Published: Wed, October 24, 2018
Economy | By

Sick of your Tesla? Dyson promises an electric vehicle that won’t suck

Sick of your Tesla? Dyson promises an electric vehicle that won’t suck

The British vacuum cleaner company has announced that it will build an automotive factory in Singapore, where it will assemble its first electric vehicle.

The company, best known for its vacuum cleaners and other domestic appliances, revealed previous year that it has been working on developing an electric vehicle.

Dyson is taking another step toward making an electric vehicle.

Dyson announced his decision to launch electric cars past year - a sector in which the company will face stiff competition from established players.

The company says the bespoke manufacturing facility is due for completion in 2020 and is part of a 2.5 billion pound (US$3.2 billion) investment in new technology globally.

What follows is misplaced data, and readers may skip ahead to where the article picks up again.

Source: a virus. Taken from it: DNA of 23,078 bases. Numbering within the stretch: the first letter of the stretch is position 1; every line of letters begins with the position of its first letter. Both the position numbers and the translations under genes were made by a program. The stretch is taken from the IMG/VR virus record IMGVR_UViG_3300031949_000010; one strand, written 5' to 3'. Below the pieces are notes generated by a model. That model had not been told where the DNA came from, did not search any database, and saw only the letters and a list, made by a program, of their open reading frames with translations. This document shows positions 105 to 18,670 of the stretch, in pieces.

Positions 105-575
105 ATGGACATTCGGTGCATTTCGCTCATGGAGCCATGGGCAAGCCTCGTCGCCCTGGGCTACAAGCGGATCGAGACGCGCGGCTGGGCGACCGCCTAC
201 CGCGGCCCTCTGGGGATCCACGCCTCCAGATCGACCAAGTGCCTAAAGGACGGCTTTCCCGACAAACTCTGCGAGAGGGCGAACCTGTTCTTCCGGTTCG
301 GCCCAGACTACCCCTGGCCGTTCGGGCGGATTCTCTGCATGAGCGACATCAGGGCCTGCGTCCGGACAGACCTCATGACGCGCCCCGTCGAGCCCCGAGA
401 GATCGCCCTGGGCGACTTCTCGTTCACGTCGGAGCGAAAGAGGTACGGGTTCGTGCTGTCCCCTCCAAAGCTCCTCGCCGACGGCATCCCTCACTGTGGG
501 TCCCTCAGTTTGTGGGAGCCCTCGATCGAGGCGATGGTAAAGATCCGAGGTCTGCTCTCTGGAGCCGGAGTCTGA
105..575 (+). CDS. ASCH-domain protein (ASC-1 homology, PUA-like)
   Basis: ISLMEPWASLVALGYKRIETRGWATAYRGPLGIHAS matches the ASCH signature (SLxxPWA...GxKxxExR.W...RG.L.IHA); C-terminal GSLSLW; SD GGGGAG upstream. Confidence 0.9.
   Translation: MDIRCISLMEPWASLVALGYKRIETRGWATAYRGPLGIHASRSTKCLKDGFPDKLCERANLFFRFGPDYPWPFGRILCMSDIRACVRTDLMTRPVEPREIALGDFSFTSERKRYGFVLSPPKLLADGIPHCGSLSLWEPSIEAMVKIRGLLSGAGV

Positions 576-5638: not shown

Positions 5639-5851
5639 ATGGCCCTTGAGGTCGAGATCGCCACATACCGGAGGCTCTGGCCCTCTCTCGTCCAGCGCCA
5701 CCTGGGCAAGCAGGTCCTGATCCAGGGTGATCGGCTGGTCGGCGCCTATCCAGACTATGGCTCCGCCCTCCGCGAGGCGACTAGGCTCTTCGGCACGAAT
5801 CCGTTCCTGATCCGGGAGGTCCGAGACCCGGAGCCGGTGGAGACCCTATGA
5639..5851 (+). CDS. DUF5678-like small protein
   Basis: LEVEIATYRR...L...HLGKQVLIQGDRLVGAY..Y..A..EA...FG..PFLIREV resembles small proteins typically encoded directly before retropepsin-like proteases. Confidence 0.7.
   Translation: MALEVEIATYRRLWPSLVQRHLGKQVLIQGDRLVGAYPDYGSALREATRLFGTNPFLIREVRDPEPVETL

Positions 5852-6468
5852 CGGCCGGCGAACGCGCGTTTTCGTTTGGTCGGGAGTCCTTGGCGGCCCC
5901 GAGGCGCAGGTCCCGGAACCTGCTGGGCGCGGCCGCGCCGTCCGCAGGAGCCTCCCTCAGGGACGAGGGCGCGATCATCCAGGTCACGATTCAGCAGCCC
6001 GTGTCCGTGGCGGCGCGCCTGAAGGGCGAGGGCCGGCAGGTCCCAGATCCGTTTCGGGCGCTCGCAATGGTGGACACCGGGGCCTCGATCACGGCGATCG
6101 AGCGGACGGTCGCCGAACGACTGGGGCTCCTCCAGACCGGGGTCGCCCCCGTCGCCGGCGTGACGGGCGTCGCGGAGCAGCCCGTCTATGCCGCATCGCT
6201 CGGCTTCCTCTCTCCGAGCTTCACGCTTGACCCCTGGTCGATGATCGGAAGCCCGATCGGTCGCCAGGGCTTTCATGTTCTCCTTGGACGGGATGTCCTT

Dyson already manufactures electric motors for its other products, such as vacuum cleaners and fans, in Singapore, where it employs 1,100 staff.

It's no secret that Dyson is venturing into the electric vehicle market, and the latest news from multiple news sources, including BBC News, The Verge and Autocar, is that the British appliance maker has zeroed in on a production site - and it's Singapore. "Singapore also offers access to high-growth markets as well as an extensive supply chain and a highly-skilled workforce", Rowan said.

Rowan also highlighted the availability of engineering talent in Singapore, in spite of its "comparatively high cost base".

Rowan added that Dyson's existing footprint in Singapore, combined with Singapore's significant advanced manufacturing expertise, made it a frontrunner. "It is therefore the right place to make high-quality technology loaded machines, and the right place to make our electric vehicle", he said.

Dyson told AFP in an interview earlier this year that electric cars were already available to order and the manufacturing location would be either in Britain or Asia.

Singapore has a free trade agreement with China, now the world's largest market for electric cars.

But it comes despite billionaire chairman and founder Sir James Dyson being one of the loudest business backers of Brexit and who has claimed it was a unique chance to "supercharge" the economy.

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